Professors’ research on ball pits goes national

Faculty members at UNG strive to reach new heights and highlight the latest trends in research.

Dr. Dobroslawa Bialonska, assistant professor of environmental microbiology, and Dr. Mary Ellen Oesterle, former head of the physical therapy (PT) department, are being recognized nationally for their research on the bacteria found in ball pits.

The pair had discussed conducting the research ever since they met at a new faculty orientation session in 2015. They struck up a conversation about microbiology and Oesterle noted that, in her experience, children who were exposed to ball pits in PT seemed to develop infections.

“It’s good to remember that the balls can harbor potentially dangerous microorganisms, so hand washing after using them is probably a good idea,” Bialonska said. “Not many people realize that the ball pits are used in pediatric PT, where microbial accumulation may potentially cause more severe consequences.”

The duo received a Presidential Incentive Award in 2015, which is an award given by UNG President Dr. Bonita Jacobs in order to provide funding to faculty and staff members who are looking to pursue research opportunities. The award allowed them to purchase a system, called BIOLOG, to test and identify the bacteria on the balls.

Oesterle and Bialonska have used the research as a teaching opportunity, because their students have taken advantage of the BIOLOG system. The software provides valuable information on the strains of bacteria, which make them easier to identify.

“Students in my general microbiology lab actively participated in the project, helping in the identification of bacterial species,” Bialonska said. “The BIOLOG system has been used┬áby other research groups and my students working currently on different projects.”

With the help of students, the pair tested six different clinical ball pits in the community. They found the clinics typically go days or weeks without proper cleaning, which allows microorganisms to grow that are capable of transmission to patients.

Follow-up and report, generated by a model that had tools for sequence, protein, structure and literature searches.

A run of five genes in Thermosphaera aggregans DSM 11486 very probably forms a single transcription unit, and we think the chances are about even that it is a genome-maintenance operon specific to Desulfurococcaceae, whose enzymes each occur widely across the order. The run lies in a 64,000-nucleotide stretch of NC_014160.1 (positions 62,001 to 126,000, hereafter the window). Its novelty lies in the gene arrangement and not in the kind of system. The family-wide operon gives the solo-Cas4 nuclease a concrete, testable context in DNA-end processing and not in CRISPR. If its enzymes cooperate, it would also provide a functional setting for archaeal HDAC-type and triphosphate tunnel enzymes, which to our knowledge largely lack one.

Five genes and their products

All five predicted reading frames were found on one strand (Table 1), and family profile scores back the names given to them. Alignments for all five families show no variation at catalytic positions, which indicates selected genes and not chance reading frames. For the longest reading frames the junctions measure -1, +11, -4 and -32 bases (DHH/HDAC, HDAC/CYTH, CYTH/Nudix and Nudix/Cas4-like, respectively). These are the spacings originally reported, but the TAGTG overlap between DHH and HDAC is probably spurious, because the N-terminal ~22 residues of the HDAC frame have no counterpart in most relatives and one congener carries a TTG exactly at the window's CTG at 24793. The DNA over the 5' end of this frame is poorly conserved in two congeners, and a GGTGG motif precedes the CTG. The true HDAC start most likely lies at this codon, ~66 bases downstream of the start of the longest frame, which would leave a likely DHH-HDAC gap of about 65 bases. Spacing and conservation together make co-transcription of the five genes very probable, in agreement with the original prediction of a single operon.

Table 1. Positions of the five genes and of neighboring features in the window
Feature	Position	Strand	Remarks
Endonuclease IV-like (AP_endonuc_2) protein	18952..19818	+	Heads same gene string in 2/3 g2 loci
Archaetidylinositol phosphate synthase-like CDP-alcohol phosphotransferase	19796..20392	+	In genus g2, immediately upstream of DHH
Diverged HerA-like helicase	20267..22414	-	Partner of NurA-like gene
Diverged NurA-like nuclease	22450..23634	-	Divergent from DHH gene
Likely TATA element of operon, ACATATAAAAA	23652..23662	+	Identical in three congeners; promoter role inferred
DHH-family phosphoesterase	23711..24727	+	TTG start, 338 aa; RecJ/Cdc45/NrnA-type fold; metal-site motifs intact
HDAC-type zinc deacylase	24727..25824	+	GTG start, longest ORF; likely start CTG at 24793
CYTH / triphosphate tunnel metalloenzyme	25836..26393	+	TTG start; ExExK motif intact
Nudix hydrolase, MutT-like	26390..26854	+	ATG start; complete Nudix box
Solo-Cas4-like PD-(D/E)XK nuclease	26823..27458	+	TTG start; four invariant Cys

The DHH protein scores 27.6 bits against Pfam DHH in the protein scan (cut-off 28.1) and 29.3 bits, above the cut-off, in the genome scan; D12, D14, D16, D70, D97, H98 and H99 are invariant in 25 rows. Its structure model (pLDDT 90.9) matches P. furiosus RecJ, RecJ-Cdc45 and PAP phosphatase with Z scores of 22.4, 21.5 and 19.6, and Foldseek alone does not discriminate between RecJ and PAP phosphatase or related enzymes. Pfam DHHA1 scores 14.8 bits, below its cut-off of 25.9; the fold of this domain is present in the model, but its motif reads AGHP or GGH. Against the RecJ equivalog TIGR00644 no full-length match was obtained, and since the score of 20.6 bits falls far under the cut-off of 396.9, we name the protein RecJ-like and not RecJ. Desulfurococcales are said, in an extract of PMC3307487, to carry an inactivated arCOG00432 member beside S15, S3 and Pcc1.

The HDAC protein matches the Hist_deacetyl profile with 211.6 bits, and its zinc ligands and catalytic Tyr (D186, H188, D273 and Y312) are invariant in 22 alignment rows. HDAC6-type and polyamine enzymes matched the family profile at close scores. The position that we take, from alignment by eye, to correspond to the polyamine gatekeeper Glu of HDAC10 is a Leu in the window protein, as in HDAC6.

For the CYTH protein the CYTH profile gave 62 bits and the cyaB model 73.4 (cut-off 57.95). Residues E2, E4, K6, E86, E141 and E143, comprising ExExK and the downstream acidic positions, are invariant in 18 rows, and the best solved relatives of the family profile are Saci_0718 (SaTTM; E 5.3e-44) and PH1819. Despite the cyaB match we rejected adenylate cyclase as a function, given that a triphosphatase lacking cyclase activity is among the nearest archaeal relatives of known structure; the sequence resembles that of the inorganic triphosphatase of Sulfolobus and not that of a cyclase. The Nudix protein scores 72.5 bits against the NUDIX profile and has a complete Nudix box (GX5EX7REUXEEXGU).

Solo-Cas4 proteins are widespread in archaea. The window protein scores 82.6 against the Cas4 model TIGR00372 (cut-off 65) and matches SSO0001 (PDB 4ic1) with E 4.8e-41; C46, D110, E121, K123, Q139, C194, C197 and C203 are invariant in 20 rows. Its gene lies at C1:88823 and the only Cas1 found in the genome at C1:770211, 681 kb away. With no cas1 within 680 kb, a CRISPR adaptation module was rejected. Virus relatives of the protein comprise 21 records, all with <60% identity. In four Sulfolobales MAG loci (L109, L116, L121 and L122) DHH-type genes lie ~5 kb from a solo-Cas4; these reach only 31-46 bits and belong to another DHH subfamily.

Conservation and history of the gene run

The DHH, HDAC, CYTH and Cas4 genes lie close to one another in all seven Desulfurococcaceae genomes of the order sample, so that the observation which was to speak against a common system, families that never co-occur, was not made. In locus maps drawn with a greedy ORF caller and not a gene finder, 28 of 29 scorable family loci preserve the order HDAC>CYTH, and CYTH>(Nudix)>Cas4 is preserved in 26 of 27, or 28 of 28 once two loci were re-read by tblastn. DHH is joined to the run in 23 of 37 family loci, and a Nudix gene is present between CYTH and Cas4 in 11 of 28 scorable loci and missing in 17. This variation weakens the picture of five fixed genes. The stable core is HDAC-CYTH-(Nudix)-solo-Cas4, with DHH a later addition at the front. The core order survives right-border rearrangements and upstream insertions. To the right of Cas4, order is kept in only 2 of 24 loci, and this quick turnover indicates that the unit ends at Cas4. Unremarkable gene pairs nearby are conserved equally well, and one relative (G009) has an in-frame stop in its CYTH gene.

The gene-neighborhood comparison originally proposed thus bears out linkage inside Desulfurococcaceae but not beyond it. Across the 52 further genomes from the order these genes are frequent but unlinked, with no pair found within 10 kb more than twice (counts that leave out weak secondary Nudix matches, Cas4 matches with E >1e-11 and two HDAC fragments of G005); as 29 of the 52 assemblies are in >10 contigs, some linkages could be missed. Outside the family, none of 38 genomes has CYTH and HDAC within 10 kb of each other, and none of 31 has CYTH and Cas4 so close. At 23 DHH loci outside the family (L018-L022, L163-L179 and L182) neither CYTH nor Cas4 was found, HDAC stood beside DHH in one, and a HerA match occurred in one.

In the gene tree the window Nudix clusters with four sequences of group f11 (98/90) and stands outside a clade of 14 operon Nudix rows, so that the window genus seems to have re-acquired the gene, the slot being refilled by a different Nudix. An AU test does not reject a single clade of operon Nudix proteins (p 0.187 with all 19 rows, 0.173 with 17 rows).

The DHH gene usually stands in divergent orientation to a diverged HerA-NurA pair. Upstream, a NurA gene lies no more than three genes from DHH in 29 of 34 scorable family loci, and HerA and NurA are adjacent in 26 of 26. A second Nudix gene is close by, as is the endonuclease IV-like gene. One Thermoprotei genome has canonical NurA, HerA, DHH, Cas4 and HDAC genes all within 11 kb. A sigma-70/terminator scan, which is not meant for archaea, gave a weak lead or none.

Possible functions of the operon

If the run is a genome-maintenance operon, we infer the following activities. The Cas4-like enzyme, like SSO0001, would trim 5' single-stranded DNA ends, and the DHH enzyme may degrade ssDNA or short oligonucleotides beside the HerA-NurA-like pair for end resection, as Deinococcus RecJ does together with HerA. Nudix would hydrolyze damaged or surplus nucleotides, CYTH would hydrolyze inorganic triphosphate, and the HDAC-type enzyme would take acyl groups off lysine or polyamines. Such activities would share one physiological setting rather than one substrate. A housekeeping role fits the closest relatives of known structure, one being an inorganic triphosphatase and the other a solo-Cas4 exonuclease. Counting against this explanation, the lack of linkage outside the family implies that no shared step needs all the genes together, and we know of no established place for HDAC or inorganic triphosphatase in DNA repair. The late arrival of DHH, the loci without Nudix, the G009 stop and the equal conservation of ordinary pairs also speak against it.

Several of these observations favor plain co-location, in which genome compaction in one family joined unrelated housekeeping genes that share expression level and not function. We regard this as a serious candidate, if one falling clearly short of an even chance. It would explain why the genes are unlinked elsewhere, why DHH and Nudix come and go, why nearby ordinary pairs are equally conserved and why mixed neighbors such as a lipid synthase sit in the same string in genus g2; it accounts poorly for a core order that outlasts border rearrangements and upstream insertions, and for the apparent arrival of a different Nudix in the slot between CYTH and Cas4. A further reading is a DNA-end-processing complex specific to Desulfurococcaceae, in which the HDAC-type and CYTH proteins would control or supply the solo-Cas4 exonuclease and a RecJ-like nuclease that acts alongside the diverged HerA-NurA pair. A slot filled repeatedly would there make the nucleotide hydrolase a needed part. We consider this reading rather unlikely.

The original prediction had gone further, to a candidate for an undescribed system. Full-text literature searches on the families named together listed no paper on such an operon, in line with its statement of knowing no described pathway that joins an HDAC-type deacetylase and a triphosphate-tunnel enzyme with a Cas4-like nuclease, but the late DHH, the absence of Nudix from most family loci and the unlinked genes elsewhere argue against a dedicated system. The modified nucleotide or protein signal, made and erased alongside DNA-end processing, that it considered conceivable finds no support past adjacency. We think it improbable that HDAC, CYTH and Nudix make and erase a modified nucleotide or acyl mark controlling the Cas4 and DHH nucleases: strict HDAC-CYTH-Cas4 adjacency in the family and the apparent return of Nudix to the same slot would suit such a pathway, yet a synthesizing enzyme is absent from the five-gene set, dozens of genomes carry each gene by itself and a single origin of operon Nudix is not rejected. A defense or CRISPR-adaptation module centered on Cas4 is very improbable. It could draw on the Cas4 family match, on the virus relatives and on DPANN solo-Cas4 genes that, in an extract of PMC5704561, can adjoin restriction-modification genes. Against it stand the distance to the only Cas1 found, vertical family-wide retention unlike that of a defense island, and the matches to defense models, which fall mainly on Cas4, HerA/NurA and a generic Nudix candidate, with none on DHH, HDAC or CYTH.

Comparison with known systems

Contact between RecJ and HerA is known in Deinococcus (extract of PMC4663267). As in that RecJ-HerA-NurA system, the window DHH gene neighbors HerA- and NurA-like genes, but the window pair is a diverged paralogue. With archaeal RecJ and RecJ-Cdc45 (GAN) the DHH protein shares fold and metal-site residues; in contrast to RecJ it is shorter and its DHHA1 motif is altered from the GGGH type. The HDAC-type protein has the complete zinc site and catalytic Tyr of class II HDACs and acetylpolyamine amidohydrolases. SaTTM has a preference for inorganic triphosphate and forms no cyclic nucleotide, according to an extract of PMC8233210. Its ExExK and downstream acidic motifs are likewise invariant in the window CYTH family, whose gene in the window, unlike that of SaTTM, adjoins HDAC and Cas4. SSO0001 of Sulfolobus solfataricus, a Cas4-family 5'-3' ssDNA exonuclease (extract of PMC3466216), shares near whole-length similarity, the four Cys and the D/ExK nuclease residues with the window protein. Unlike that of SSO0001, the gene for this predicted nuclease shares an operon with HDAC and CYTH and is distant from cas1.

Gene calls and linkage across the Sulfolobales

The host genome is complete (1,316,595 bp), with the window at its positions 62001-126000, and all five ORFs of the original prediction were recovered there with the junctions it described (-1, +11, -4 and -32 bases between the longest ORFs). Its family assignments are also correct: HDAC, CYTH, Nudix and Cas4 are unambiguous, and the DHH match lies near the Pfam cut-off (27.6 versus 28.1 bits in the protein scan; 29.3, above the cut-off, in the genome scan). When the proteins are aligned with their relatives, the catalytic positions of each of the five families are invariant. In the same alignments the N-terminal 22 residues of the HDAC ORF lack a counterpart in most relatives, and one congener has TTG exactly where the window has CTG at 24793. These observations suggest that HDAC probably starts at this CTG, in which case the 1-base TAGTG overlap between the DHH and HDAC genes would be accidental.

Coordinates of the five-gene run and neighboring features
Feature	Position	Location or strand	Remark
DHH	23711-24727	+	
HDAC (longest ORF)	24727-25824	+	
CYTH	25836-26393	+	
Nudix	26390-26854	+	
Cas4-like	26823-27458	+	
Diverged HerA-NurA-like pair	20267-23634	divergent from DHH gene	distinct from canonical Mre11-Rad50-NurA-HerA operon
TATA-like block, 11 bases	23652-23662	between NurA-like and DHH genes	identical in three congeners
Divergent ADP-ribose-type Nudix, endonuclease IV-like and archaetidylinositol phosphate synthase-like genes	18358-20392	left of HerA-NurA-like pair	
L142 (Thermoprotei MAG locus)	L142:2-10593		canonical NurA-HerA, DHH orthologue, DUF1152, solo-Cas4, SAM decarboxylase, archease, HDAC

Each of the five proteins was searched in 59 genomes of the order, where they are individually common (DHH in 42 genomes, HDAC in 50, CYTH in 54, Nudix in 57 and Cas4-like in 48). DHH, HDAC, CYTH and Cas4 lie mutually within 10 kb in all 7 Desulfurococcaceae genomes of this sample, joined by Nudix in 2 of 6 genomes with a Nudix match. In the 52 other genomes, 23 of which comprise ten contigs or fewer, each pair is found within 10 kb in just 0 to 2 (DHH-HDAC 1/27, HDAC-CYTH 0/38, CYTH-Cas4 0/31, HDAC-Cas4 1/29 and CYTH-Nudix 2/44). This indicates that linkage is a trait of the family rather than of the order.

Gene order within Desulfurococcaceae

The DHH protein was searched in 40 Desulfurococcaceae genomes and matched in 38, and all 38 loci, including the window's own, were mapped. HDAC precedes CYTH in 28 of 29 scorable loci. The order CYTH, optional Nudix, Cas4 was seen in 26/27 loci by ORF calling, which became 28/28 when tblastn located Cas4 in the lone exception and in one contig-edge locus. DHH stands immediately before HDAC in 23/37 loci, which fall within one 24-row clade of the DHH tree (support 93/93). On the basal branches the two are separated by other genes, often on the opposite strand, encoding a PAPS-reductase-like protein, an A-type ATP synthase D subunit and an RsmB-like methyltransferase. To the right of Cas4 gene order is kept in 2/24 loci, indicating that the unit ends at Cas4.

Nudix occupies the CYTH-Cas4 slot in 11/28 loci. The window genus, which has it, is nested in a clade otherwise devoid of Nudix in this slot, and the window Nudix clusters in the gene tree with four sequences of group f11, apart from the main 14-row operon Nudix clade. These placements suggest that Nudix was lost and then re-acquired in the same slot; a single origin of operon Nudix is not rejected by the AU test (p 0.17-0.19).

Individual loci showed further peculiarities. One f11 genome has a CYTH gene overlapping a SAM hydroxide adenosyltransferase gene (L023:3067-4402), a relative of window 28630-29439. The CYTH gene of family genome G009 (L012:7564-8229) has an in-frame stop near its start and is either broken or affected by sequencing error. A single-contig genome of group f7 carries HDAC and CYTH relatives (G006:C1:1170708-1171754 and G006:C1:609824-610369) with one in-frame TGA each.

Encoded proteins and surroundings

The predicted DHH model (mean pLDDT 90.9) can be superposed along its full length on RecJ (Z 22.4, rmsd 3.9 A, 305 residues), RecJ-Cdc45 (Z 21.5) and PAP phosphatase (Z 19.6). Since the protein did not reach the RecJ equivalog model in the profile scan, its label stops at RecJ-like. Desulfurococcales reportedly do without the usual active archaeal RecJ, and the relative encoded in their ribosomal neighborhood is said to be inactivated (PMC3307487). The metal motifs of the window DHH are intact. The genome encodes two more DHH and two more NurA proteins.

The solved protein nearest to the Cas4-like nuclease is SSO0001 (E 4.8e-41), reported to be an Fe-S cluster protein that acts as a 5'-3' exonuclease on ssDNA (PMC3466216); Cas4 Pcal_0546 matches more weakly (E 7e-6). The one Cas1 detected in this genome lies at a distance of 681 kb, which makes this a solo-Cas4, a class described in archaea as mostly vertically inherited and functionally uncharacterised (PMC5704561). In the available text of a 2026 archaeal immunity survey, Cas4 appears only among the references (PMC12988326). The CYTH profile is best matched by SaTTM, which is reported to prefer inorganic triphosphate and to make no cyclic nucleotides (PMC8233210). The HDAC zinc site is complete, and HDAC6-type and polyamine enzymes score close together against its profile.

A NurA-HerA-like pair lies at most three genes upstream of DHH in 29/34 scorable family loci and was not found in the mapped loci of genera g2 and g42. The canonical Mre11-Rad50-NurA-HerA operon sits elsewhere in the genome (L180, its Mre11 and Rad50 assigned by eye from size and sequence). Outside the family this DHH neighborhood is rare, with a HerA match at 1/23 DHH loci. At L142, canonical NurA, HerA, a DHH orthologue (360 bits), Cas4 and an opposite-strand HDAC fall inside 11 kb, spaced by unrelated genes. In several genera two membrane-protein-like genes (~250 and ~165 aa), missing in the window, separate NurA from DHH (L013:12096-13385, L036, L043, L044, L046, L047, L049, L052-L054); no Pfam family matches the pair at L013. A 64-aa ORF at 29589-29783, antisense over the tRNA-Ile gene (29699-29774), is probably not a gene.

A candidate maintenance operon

The duo first published their results in April 2019 in the American Journal of Infection Control (AJIC). After publication, news outlets such as The Daily Mail, U.S. News and World Report, and HealthDay News reported on their findings.

“Information about our manuscript showed up more than 40 times in the news all around the U.S. and even abroad (U.K., Australia),” Bialonska said. “Research performed at UNG was mentioned on WebMD, ABC News, Fox News, Huffington Post, Metropolitan, and others.”

Bialonska and Oesterle know their findings hold significant weight, especially for families with children. The duo is looking toward future projects that will explore the link between kinesiology tape and skin bacteria.

“This project has already attracted significant attention. Our abstract was accepted for presentation at the prestigious Combined Sections Meeting (CSM) PT conference in February 2020,” Bialonska said. “I was also contacted by the Kinesio Taping Association, and they want to (include) the information about our project in their materials.”